We know people are starting to think about and care about their overall well-being more and more. As you can see from the growth in organic foods, exercise trends, and personal health-tech devices like Fitbits, wellness has become a thriving $4 trillion industry.

 

Not only do people care about their own health, businesses are starting to care a lot about the health of their employees, too. The Global Wellness Institute has estimated some of the staggering costs incurred due to being unwell at work:

 

·                     $1.1 trillion in costs from chronic disease

·                     $250 billion related to workplace injury or illness

·                     $300 billion in costs from stress

·                     $550 billion lost due to disengagement at work

 

All told, we’re talking about $2.2 trillion dollars in lost productivity, or 12% of the GDP. The flipside of that statistic is that there’s $2.2 trillion-worth of room for improvement.

 

The motivation is there. Big businesses are going to want to improve the health of their employees because it lowers costs and raises productivity. Insurance companies are going to want to keep healthy people healthy and reduce expenses for people with chronic conditions, so they can keep more of our premiums and boost their bottom lines. Employers are going to want healthy workspaces so they can better recruit and retain talent and improve productivity.

 

Going beyond business, think of what this human-centric design approach could mean to vulnerable populations, especially our kids, who need spaces that mitigate their asthma, not aggravate it, and the Baby Boomers, who are beginning to think about aging-in-place options.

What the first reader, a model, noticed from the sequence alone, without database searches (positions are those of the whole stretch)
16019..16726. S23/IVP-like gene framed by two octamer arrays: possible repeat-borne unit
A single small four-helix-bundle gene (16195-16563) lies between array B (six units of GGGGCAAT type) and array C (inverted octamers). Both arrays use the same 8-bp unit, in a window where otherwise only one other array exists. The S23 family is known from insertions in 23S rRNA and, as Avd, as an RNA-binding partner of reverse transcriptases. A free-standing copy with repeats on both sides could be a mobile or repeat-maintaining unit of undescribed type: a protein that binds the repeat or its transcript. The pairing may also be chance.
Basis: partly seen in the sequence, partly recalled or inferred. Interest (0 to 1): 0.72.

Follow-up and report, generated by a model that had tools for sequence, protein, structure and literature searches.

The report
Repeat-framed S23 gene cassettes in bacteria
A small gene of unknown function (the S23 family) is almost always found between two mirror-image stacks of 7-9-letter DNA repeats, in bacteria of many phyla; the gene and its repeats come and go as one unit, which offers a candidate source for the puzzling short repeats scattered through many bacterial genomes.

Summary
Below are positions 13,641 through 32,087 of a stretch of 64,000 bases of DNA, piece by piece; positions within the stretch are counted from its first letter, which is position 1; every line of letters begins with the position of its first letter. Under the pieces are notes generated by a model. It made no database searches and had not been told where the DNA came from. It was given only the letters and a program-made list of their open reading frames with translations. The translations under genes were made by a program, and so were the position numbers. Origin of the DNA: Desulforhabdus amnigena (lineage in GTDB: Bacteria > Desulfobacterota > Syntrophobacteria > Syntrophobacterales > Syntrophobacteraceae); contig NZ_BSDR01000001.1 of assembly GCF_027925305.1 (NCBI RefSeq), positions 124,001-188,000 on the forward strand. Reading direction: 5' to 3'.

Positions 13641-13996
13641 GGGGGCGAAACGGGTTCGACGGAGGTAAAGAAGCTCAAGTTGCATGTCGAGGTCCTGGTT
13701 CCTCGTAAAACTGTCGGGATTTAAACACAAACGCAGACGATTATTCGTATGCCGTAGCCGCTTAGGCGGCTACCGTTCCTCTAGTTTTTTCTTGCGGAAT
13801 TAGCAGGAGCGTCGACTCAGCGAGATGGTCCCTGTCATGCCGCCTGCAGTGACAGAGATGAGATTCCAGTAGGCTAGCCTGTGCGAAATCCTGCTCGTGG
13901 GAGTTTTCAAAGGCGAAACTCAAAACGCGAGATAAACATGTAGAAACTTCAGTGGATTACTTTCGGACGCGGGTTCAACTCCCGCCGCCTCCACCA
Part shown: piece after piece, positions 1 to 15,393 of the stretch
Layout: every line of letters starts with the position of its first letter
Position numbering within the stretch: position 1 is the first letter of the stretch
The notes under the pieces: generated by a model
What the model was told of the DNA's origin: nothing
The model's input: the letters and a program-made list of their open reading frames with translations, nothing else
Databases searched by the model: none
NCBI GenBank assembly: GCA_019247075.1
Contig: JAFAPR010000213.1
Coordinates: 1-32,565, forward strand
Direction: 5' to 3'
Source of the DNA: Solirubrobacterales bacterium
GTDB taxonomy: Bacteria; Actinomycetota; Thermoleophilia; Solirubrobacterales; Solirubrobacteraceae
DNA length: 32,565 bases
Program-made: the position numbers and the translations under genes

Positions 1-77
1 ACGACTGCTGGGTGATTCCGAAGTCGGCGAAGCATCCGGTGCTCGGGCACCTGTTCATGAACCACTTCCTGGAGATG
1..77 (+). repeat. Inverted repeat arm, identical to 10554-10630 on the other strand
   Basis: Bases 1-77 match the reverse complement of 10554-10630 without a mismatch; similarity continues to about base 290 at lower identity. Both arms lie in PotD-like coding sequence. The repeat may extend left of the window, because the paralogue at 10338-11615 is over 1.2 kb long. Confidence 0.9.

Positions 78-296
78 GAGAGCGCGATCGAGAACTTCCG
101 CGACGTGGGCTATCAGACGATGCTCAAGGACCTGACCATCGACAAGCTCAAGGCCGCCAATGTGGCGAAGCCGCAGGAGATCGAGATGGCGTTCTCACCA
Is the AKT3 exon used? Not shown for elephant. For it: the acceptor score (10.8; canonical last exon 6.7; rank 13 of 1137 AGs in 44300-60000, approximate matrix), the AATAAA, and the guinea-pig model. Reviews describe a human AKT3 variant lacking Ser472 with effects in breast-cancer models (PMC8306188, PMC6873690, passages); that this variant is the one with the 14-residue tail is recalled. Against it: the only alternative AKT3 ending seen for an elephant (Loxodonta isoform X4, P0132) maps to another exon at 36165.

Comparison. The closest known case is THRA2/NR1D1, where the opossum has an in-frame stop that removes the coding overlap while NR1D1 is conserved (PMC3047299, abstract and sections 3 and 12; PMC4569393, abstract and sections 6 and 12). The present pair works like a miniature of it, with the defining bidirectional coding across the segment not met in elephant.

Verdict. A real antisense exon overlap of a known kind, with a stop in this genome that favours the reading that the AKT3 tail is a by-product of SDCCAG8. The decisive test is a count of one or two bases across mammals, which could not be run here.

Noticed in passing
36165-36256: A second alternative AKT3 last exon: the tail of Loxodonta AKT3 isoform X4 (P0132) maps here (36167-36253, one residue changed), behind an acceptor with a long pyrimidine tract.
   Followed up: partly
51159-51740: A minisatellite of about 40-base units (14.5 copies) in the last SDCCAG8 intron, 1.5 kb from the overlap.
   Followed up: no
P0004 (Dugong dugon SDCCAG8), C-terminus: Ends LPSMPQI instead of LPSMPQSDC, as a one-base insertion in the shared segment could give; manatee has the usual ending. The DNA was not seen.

To get there, it’s going to take a reset of design and construction practice.

 

It’s going to take new research and new ideas.

 

It’s going to take rigorous testing, and maybe even a little righteous anger.

 

At worst, our building materials and designs and our choices about location and maintenance contribute to some of the key public health concerns of modern society, from asthma to cancer to obesity.

 

That’s why it’s important to embrace this Second Wave, so that the definitions of sustainable building include the sustainability of people as a matter of course – not as an unintended consequence. It’s how our buildings and communities can become powerful protectors and promoters of health and well-being, as well as of the human abundance we all seek.

 

 

Rick Fedrizzi is chairman and CEO of the International WELL Building Institute and founding chairman of the U.S. Green Building Council. He is the author of Greenthink: How Profit Can Save the Planet. Follow Rick on Twitter @rickfedrizzi

See also:

 

Building Abundance #1

Creating abundance is more than sustainability or resilience, and should be a driving force in architecture.

By Edward McGraw, AIA, LEED AP BD+C

 

Building Abundance #2: Three Keys to Abundant Design

Hint: Designing for less bad won't get us there. Aiming for abundant design requires seeing and working in new ways that are largely unfamiliar, challenging - but oh so worth it!
By Josie Plaut, Colorado State University Institute for the Built Environment & CLEAR (Center for Living Environments and Regeneration)



(click on pictures to enlarge)

Ashley McGraw Architects

Google defines abundance as “plentifulness of the good things in life.”

Symantec

WELL Silver: Symantec, Silicon Valley California; Architect: Little and AP+I Design (2017)

Mirvac

WELL Gold: Mirvac, Sydney, Australia. Architect: Mirvac - Lucy Pullin and Davenport Campbell - Kirsty Argyle (2017)

Citi Tower

WELL Silver: Citi Tower, Hong Kong. Architect: M Moser Associates (2018)

JLL Shanghai

WELL Platinum: JLL Shanghai. Architect: iDA Workplace + Strategy (2017)

Structure Tone

WELL Silver: Structure Tone, New York City. Architect: Gensler (2017)